Langford's style a bit glib and teenaged (maybe he was still gloating at his escape?) but it rattles along quite nicely. But the best part has got to be the wonderfully succinct caricatures of inmates in UK Government labs: a must for anyone who's had to deal with them.
What's puzzling is the timing: Aldermaston was privatised in the early 1990s, so this tale isn't really a hard-hitting topical parody any more. In fact, the place is overdue for a sequel: trendy new management styles etc bred new stereotypes, and the funnier old ones, like the industrial-rate smokers, have gone. Also a pity that Langford didn't include some of the more timeless anecdotes from the "old days", such as the day the guards found that a hundred yards of the fence had been stolen, the guard who (while practising quick draws to while the night away) shot himself in the foot, the dreadful hostel "Boundary Hall" with its wing of 1950s originals still in residence (known in the 1980s as "Death Row") and which was double-glazed throughout - the month before it was demolished.
But overall, a good book. Nice to see it back in print!
0CommentWas this review helpful to you?YesNoSending feedback...
Thank you for your feedback.
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on December 16, 2001
Curses! Long after we'd abandoned hope of a reprint, and barely 12 weeks after I'd splashed out on a used - signed, no less - first edition, this imprint inexplicably appears!
Don't get me wrong: it's a pretty funny book. Set around the aptly-named "Robinson Heath" bomb lab (a blatant send-up of AWRE Aldermaston, where the author once worked), it recounts the exploits of scientist Roy Tappen who accidentally takes the fissile part of his work home one night and struggles to smuggle it back inside the fence. In the process, Langford shines the harsh light of satire on the secretive and cowering creatures of the Scientific Civil Service.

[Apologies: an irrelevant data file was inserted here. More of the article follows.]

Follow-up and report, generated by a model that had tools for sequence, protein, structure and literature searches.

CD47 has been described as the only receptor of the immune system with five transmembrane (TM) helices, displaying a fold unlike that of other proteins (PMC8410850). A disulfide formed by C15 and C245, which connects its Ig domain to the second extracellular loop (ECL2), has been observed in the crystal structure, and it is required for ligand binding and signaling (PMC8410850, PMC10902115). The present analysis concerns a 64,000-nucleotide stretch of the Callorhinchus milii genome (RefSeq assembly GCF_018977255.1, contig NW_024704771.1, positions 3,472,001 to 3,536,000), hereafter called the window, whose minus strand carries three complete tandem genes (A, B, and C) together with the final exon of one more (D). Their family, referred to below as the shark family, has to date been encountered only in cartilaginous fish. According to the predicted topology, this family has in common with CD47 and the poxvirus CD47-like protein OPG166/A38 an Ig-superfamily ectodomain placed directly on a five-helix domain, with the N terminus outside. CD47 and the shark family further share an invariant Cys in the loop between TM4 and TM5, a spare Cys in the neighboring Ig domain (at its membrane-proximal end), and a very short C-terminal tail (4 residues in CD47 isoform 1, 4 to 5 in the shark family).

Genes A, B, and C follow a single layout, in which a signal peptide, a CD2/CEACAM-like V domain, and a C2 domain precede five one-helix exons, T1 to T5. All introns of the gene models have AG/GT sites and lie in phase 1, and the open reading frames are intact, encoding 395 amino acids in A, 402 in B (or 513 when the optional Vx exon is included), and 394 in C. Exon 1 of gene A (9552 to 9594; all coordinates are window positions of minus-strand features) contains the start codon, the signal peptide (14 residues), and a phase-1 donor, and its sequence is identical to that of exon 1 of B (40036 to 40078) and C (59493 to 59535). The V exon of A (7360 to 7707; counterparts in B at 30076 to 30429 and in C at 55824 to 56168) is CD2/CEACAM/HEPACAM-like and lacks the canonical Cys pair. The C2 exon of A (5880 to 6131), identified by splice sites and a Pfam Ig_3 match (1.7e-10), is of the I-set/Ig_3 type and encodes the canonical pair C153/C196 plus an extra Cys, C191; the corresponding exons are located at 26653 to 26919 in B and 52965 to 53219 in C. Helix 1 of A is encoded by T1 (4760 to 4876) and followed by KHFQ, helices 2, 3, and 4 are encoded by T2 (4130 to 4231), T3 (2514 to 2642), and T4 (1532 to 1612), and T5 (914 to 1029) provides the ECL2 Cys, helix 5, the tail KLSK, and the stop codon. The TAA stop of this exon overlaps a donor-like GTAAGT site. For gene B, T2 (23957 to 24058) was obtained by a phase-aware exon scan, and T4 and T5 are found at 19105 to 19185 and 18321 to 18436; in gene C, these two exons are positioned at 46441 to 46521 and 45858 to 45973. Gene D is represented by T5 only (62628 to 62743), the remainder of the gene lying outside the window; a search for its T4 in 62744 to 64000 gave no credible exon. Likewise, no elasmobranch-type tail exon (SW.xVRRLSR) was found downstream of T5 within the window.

The plot is far-fetched (luckily), and the story mashes in a fair few in-jokes, such as place names, which mean that you can probably knock half a star off the rating if you haven't worked at Aldermaston and another half if you don't know the area. Shame to see the laser getting only one throwaway gag though, since it's such a multi-billion dollar save-the-earth project in the US and France now.
Langford's style a bit glib and teenaged (maybe he was still gloating at his escape?) but it rattles along quite nicely. But the best part has got to be the wonderfully succinct caricatures of inmates in UK Government labs: a must for anyone who's had to deal with them.
What's puzzling is the timing: Aldermaston was privatised in the early 1990s, so this tale isn't really a hard-hitting topical parody any more. In fact, the place is overdue for a sequel: trendy new management styles etc bred new stereotypes, and the funnier old ones, like the industrial-rate smokers, have gone. Also a pity that Langford didn't include some of the more timeless anecdotes from the "old days", such as the day the guards found that a hundred yards of the fence had been stolen, the guard who (while practising quick draws to while the night away) shot himself in the foot, the dreadful hostel "Boundary Hall" with its wing of 1950s originals still in residence (known in the 1980s as "Death Row") and which was double-glazed throughout - the month before it was demolished.
But overall, a good book. Nice to see it back in print!